I've long been curious to check out the books that Charles de Lint wrote back in the 80s and 90s under the pen name "Samuel M. Key." He mentions them in some of his books, and the reason why he wrote them under a different name: normally he writes fantasy, usually urban fantasy, but these books are definitely horror, very dark and, judging from Angel of Darkness, very violent. I have enjoyed many of de Lint's books, so when this reissue was purchased by my library, I was happy to finally be able to read it.
The novel opens with a man, clearly deranged, who has made it his hobby to torture people in order to record their voices. It seems he has a plan to make a sort of music from the sounds of pain and desperation, and his current victim, a teenage runaway he'd lured to his recording studio under false pretenses, will be the culmination of his demented endeavor. The music that results calls forth a vengeful presence that is terrifying to behold.
Ex-cop JackKeller, searching for the runaway teen, arrives at the scene and immediately senses something horrific - something so horrible that he doesn't even go into the house. Instead, he calls for the police. The officers on the scene experience very disorienting visions at the gut-wrenching sight in the recording studio, visions that continue even after they leave. There are visions of a wasteland, a rotting, distorted version of their city, and when they fall asleep, they are transported there in their dreams - but is it just a dream? As more and more unexplainable things happen, Jack, his former coworkers and his friends come to the conclusion that just because something cannot be explained does not mean it isn't real. Unfortunately this isn't exactly the sort of foe the police academy prepares its students to face...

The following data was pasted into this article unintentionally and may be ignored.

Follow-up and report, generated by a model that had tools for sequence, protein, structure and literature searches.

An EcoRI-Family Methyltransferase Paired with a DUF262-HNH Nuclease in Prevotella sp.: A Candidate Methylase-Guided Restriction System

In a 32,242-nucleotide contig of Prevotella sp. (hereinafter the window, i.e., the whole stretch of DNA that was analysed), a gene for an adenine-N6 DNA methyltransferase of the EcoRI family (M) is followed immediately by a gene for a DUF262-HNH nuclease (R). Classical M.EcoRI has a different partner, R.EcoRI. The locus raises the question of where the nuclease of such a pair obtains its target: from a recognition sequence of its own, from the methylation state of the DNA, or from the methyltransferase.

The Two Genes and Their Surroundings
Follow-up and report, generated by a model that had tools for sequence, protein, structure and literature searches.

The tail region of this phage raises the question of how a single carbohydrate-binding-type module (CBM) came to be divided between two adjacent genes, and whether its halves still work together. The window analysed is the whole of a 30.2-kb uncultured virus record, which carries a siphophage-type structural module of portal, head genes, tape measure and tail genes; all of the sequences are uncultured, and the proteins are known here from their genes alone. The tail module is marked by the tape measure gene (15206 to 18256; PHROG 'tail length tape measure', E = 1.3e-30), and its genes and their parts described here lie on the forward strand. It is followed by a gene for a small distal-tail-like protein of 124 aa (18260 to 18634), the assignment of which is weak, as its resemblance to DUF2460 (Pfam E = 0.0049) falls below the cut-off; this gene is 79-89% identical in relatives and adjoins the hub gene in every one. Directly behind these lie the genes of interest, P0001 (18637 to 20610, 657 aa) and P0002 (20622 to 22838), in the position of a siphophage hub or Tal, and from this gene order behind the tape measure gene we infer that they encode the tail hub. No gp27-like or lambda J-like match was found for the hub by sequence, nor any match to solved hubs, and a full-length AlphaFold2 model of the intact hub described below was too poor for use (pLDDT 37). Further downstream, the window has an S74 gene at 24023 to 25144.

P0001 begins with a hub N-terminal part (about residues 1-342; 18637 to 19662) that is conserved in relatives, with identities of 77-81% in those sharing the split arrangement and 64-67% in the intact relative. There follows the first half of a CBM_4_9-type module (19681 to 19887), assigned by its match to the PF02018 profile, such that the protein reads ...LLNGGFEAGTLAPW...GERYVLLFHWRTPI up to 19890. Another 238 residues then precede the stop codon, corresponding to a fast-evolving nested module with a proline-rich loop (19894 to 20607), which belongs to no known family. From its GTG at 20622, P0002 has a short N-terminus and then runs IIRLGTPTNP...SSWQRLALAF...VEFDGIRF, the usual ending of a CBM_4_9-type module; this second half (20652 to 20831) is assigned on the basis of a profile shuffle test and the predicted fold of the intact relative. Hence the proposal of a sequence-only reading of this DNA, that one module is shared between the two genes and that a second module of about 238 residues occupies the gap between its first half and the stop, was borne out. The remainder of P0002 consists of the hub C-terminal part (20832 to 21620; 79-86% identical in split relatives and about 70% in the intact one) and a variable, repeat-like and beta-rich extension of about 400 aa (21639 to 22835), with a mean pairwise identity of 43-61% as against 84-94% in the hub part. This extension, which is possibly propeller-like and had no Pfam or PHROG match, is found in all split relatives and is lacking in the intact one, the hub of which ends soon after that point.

First off, let me say that this book is definitely not for the squeamish. De Lint pulls no punches. If I'd read the first few pages of this book, and it had been by an unfamiliar author, I may not have been as determined to continue with it. But I trust de Lint, and soon his characters took over (there were several, some less sympathetic than others, whose stories were told in alternating point-of-view sections), and I was quite happy (if a bit disturbed at times) to go along with the ride. It is a gripping tale, with many of his common themes (the horrors of child abuse and spouse abuse, the psychology of the victims, the possibility of redemption, the strength of compassion) presented in a harder-hitting, darker way than the Newford books. The description of the desolate city was very effective, creepy and palpable, and the entire premise was unusual and intriguing. I definitely plan to check out the other Samuel Key books. While I do prefer the world of Newford, it is fascinating to take a peek at the darker side of de Lint's imagination.
Angel of Darkness by Charles de Lint" - originally published under the pen name "Samual M. Key" (Orb, 1990)
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